At first he'd thought she was crying, the way her shoulders were shaking, but then he heard her chuckling. The chuckling evolved into full-blown laughter and before he knew it, there were tears of mirth in her eyes. He'd just insulted her, and she was laughing. "I needed that," she gasped, still smiling widely. "You," she laughed again. "You sounded just like…" Harry, James wondered? "Ron!"
"Ron," he mumbled with a scowl. He didn't want to sound like Ron. He wanted her to say Harry. He wanted his son to be like him.
Hermione's expression lost some of its joy. "Yeah, Ron. He was a friend of mine."
"Your best friend?" James asked politely. Perhaps, if he could relax her, she'd start talking about Harry.
"No, a boy named Harry was my best friend," she replied softly. James looked up at her words. She was staring intently at the parchment in front of her.
"Tell me about him," James said. He congratulated himself on keeping his eagerness out of his voice.
"Tell me about this Harry of yours," James said, pulling out the chair across from her. "You obviously miss him, so talk. It might make you feel better. Tell me what you like most abut him." This was an excellent opportunity to learn about his future.
Hermione looked out of her depth for a moment before she dazedly replied, "I like Harry the most!" She flushed in embarrassment. "I mean, I just like who he is as a person. He's very considerate, in his own way. He's more a man of action, you see, and he doesn't express himself well with words. But he does things, nice things, so I know—" She frowned suddenly. "What do you care?" She demanded hotly.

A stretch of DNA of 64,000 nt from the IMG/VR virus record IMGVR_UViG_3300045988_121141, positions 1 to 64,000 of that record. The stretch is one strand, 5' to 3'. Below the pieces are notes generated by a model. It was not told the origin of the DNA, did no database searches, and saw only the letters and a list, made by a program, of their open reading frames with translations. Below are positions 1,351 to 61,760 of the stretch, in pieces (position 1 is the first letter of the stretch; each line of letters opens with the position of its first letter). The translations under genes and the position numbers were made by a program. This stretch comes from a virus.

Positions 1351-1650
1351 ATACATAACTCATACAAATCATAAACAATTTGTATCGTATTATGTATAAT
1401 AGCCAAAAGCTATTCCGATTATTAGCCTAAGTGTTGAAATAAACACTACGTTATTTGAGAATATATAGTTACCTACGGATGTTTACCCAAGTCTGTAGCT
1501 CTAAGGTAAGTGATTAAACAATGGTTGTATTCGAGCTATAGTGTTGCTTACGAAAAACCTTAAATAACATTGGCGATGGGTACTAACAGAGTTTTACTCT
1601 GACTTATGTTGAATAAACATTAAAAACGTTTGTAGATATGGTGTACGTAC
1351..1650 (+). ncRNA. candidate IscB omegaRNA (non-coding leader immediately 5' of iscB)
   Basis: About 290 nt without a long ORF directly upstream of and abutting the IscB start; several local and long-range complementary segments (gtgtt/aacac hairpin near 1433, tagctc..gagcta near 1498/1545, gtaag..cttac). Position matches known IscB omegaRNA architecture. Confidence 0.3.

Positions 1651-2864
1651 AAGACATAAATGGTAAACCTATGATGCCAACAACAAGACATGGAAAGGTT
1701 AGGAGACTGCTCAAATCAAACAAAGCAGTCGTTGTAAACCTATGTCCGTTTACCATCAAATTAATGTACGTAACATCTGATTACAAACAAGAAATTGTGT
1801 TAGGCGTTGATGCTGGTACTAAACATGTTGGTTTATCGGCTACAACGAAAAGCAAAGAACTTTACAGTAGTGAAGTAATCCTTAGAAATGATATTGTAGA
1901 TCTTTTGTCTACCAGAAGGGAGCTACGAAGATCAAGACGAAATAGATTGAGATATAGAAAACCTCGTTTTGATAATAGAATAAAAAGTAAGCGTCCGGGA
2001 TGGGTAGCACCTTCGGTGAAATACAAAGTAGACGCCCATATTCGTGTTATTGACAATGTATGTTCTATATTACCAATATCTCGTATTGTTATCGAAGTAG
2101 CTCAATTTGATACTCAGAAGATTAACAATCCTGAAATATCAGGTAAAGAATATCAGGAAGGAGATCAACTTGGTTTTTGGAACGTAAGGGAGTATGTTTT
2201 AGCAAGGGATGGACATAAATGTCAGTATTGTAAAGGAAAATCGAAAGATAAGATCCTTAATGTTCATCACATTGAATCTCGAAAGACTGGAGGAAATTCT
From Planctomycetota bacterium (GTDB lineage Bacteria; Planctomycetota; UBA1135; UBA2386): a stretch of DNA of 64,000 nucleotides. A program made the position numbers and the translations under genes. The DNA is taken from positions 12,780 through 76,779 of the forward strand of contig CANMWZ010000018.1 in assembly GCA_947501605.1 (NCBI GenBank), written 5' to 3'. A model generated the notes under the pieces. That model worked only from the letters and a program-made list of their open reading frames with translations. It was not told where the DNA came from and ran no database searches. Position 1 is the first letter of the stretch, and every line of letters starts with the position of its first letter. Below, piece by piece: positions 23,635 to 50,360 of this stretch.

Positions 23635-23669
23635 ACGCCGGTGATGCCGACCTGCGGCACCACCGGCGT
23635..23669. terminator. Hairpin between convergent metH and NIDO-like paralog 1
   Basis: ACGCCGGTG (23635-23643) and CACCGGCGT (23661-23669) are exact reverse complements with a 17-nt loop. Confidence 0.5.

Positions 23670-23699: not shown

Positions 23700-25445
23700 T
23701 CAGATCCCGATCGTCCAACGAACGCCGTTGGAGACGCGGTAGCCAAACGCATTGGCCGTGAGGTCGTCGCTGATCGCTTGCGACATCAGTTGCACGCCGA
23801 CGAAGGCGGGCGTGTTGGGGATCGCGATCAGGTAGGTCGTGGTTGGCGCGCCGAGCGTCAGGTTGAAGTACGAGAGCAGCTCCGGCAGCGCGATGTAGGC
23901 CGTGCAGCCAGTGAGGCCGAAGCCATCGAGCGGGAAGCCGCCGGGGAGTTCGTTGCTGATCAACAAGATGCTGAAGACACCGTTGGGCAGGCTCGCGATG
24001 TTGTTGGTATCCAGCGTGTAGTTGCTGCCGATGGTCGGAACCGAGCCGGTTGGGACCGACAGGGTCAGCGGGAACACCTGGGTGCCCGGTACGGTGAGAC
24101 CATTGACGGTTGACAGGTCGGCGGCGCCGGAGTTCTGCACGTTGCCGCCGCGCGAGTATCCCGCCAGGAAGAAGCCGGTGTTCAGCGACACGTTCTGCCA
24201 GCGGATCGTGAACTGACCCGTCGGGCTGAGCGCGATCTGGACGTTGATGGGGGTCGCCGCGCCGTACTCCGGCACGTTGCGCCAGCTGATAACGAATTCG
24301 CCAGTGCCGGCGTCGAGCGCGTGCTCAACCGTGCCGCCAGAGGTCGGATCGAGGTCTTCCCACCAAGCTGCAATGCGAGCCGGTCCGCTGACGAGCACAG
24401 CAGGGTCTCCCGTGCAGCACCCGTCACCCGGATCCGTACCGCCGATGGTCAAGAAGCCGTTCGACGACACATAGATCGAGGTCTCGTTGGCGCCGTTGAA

James frowned in reply. "I'm trying to be nice," he ground out. She was making this much more difficult than it really needed to be.
"I've gathered that, but why are you being nice? What's in it for you?"
"Nothing," he lied easily. "I just want to help you, but you're being a ridiculously obstinate!"
Hermione leaned forward, her eyes intense. "Do you know what your problem is? You don't know whether you want to be a nice guy, or a prat. You can't be both. Your indecisiveness is most vexing. You need to choose whether you want to be the sort of man people can depend on, or the fellow people will go to for a laugh and nothing else. I can tell you that Lily deserves the former, not the latter.
"And do you know what else? You shouldn't expect people to just change to suit you. If you care for someone, if you truly love them, you should be willing to change for them." With a harsh flick of her wand, her books and other supplies flew into her school bag. "Ponder that."
He sat in stunned silence until she stood. "You never told me why you were sad," he said.
Hermione looked at him, her eyes empty. "I lost something very precious to me," she said softly. "A picture of me and my friends. It was a reminder of happier times. I think I lost it before I… left my old home." Without another word, she turned and left. James watched her go, unable to follow her. Eventually he pulled himself out of his reverie, and set off to the common room. He had some thinking to do, about Hermione Granger, Lily Evans, himself, and his future.
He felt a little guilty about the picture. Technically, he had stolen it from her. He knew he should give it back to her, but he couldn't bring himself to relinquish the photo. It was a link to his future. He needed it, he told himself, and she didn't. All it was to her was a reminder of an old life she couldn't get back. It would be painful for her to look at, he argued, never mind that she claimed the lost picture was the reason for her sadness.